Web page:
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Serving: WI

Lights, camera, action!


Sydney: Did you know that Wisconsin farmers are growing an amazing crop that has the ability to both feed and fuel the world?

Max: That crop – is corn.

Sydney: Maize is another name for corn that's used by people in many countries around the world. Corn is such an a-maiz-ing crop because it can be made into 600 different products! That is amazing!

Max: While most corn is used to feed animals, today a large part of our country's corn crop is being used to make the fuel of our future - ethanol.

Sydney: Ethanol is an environmentally-friendly, grain-based fuel that's made from corn – the very same corn that you see growing in the fields across our state.

Max: Ethanol makes gasoline burn cleaner, and reduces air pollution. Best of all – we can grow a new crop of corn every year!

That's a dialogue clip from the "Into the Outdoors" episode featuring Max who is the narrator of the ethanol plant segment which was shot at Renew Energy in Jefferson – the world's largest dry grind ethanol plant. Also appearing on the episode is Wisconsin Corn Grower Mark Schroeder and Sydney, the 13-year-old star of the show. The episode, which was taped last July, will air across the state the weekend of Jan. 24-25.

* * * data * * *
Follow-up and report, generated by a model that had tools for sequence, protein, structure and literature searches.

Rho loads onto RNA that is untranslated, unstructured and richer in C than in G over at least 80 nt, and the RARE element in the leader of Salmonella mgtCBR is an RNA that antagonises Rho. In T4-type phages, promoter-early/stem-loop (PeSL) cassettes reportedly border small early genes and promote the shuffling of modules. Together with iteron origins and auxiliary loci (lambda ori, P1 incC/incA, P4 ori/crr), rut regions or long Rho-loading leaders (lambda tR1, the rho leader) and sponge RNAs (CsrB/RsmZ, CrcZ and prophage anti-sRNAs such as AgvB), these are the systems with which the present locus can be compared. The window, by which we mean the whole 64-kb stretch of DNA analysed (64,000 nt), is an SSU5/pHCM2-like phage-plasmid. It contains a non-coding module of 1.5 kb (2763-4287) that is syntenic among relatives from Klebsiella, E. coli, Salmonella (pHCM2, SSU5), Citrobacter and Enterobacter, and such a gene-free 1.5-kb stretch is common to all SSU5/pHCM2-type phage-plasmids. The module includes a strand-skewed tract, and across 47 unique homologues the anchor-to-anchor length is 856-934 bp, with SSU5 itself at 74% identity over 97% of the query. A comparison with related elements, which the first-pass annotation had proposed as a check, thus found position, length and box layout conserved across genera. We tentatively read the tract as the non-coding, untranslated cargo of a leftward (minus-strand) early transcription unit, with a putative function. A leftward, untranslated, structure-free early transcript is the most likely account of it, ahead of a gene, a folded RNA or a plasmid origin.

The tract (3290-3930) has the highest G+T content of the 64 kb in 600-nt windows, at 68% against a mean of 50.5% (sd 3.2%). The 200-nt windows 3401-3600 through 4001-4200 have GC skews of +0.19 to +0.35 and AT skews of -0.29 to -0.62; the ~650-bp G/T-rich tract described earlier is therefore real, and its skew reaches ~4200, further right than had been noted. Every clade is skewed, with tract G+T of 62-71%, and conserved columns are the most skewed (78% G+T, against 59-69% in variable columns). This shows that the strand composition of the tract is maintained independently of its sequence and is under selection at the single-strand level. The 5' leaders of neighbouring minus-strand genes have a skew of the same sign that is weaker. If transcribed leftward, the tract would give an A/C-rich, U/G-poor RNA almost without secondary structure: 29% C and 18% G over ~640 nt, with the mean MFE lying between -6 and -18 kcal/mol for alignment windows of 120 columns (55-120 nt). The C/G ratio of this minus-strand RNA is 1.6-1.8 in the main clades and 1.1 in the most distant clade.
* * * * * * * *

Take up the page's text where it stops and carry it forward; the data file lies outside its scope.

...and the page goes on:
So what was it like performing for the camera and answering questions?

"It was definitely a learning experience," says Schroeder. "I'm not a great fan of the camera, but it was intriguing. There were things we did three or four times to get it sound right."

It's not everyday that you get a film crew to come to your farm.

"I think it took about four hours to film the segment at our farm," Schroeder says. "They came out in May when we were planting corn to shoot some footage. Sydney is professional at what she is doing. She certainly handles herself very, very well."

Schroeder says he talked about how he farms differently than his grandfather did.

"I explained that the biggest change is the large size equipment we use," Schroeder says, "but because we use strip tillage, we don't plow our fields the way my grandfather did. We also are using modern technology to analyze yields and seeding applications."

Schroeder says the experience was worth it.

"We know it's for a good cause," he says. "I think it's important. A lot of kids and adults for that matter don't know what a farm is really like. A lot of city people don't even know the difference between field corn and sweet corn. So it's important to be able to tell the story.

In case you miss the "Into the Outdoors" television show, a DVD of the 15-minute segment will be shown between 9 a.m. and 10 a.m., on Thursday, Jan. 29 at the Wisconsin Corn/Soy Expo at the Kalahari Resort in Wisconsin Dells. The DVD will also be shown to fourth graders in Wisconsin through the Ag in the Classroom program. . Clips from the production, broken into four parts, are posted on YouTube at or go to and type in the key words Wisconsin corn. Links to the videos also are posted online at

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